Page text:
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How to overcome the challenge of working across borders

By Jack Campbell | |6 minute read
How To Overcome The Challenge Of Working Across Borders

Expanding a business into another jurisdiction can be a daunting experience. HiBob Australia and New Zealand’s country manager, Damien Andreasen, spoke with The HR Leader about the difficulties businesses have working across borders, and gave some suggestions on how to accomplish it.

Mr Andreasen said: “Having helped companies expand into new geographies … I know the complexity of it, especially in HR. You need to think about local regulations, legislations, [and] the culture. How do you support a successful team there? There’s the remit to expand and then theres the realities of, how do we do it successfully?”

Understanding the appropriate support tech for your organisation can help make the process easier: “You want a system that has the ability to be flexible around the outcomes that company needs,” commented Mr Andreasen.


“If were moving into Singapore or into China, were spinning up a team in the Philippines, or we want to go and take on the US, if you dont have a system that has the capabilities of supporting you in those regions, then its a stall point. Youre not going to get the benefits that you want out of that system and its going to slow you down,” he said.

Mr Andreasen noted that some departments may have a harder time finding the right system: “Payroll is a great example where theres not a lot of really good global payroll systems. We work with companies that might be in 30 different countries across the globe, and they have 15 different payroll vendors that they need to use.”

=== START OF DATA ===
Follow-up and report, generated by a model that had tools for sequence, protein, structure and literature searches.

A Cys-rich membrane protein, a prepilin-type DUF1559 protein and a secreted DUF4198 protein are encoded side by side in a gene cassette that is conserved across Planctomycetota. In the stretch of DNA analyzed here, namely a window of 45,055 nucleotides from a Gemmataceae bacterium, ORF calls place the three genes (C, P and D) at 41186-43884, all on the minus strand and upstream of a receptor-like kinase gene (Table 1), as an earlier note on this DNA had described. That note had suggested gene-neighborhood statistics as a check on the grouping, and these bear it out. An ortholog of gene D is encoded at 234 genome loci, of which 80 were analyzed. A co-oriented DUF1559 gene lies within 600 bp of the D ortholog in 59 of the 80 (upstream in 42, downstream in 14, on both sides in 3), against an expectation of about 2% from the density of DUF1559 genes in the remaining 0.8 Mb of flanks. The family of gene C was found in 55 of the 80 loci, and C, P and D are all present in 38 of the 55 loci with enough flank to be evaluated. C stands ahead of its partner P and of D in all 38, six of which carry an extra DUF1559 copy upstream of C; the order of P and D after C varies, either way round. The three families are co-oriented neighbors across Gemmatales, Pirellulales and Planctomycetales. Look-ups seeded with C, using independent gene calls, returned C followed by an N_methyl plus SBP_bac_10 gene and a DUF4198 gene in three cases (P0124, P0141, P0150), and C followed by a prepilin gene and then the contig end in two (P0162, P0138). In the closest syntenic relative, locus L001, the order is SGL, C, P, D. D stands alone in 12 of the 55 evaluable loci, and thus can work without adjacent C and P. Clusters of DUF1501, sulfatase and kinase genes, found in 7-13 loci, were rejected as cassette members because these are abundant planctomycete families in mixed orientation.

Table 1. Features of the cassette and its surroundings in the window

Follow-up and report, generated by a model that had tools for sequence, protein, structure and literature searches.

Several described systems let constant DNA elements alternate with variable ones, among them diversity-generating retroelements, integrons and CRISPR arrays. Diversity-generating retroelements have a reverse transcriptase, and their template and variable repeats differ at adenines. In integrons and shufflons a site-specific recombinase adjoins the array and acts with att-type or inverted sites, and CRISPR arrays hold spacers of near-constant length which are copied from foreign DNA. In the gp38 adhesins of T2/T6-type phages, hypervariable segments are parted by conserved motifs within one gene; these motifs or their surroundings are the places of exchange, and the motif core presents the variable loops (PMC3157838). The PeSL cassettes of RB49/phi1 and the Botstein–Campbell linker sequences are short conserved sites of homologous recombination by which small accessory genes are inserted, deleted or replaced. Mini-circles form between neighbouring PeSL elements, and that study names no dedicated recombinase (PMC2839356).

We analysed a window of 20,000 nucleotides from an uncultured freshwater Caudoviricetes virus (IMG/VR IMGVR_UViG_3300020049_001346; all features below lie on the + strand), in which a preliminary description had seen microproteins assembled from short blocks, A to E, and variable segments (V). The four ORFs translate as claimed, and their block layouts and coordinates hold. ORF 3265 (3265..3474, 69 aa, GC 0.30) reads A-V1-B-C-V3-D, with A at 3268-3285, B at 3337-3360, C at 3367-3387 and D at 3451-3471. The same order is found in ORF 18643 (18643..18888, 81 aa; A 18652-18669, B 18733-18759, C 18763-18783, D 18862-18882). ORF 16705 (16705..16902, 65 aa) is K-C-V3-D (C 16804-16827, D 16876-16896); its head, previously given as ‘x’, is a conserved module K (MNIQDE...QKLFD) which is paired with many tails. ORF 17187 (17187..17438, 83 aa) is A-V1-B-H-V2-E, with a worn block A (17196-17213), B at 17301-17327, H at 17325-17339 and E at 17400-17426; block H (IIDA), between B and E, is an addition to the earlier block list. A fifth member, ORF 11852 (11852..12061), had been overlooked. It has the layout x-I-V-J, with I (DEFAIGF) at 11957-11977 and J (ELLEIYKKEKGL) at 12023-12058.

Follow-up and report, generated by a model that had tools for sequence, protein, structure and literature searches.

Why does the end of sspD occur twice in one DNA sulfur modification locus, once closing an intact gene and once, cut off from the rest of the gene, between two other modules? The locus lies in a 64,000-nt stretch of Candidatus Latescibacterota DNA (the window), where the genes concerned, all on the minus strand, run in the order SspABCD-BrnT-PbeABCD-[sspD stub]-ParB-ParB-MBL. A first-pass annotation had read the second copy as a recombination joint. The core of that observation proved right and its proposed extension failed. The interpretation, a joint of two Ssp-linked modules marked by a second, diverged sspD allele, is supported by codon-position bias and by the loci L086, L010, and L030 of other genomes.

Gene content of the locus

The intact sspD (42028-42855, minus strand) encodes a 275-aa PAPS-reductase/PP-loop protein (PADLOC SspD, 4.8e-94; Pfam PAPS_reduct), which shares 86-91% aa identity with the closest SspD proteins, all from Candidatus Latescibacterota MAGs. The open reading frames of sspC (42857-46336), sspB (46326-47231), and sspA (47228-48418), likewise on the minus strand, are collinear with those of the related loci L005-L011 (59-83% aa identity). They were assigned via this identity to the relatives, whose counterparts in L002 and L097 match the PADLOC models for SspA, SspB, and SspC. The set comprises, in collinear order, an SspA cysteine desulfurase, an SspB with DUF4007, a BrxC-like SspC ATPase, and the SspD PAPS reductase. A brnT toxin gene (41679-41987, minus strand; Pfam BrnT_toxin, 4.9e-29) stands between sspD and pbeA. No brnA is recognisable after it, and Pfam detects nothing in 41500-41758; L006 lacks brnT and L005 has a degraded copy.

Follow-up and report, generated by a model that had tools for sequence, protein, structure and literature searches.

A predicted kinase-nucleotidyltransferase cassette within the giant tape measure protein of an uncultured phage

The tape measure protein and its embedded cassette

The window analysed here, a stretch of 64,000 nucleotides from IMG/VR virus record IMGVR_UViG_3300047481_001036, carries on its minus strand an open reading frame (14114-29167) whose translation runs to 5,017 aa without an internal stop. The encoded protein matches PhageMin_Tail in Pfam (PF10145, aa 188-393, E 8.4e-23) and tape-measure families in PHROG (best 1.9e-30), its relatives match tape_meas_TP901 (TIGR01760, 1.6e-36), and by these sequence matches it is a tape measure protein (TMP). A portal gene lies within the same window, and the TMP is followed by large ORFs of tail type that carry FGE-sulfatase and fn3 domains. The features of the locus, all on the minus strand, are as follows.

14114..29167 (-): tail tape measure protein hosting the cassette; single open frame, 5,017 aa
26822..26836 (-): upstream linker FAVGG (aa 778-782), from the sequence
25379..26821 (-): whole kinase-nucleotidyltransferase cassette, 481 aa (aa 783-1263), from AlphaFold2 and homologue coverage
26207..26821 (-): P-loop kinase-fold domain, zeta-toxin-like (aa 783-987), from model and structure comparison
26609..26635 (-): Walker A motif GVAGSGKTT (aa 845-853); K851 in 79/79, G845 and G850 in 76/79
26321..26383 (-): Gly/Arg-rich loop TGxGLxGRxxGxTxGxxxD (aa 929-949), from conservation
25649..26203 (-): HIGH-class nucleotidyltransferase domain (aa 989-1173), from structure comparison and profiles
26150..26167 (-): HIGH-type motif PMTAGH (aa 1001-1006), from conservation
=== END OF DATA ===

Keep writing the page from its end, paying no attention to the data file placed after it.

He added: “Thankfully, not all technology is as localised as what payroll is.”

HiBob is currently experiencing these challenges firsthand as the company expands: “Were looking at setting up in a new region in Asia. Im going through the process of what does it look like to set up an entity? What are the tax implications? Is it possible to hire people on visas that are expats versus local citizens? Theres a lot to think about,” Mr Andreasen explained.

Mr Andreasen recognised compliance and onboarding as two standout hurdles for an organisation making a move to a new country. Tech and experience can help make the transition as smooth as possible.

“I think compliance is a big question mark when you move into any region … Tech doesnt solve all the problems, you need experience as well. You need to wrap your teams around it and have people who can also help you to create local processes that are going to be relevant for that GO,” said Mr Andreasen.

“Onboarding 300 new employees in three new regions, thats a challenge. Having a system that automates that for you, streamlines it, but beyond just automation and streamlining, customises it per region… In Australia, weve got a tax file number. Singapore, do they have a tax file number? I dont think they do. They call it something else. Theres local certificates and compliance that need to be done. You need a system that allows you that flexibility and thats where the efficiencies come in,” he added.

The transcript of this podcast episode, when quoted above, was slightly edited for publishing purposes. The full audio conversation recorded in July 2022 with Damien Andreasen is below, and the original podcast article can be found here.




Compliance often refers to a company's and its workers' adherence to corporate rules, laws, and codes of conduct.


Onboarding is the process of integrating new hires into the company, guiding them through the offer and acceptance stages, induction, and activities including payroll, tax and superannuation compliance, as well as other basic training. Companies with efficient onboarding processes benefit from new workers integrating seamlessly into the workforce and spending less time on administrative tasks.

Jack Campbell

Jack Campbell

Jack is the editor at HR Leader.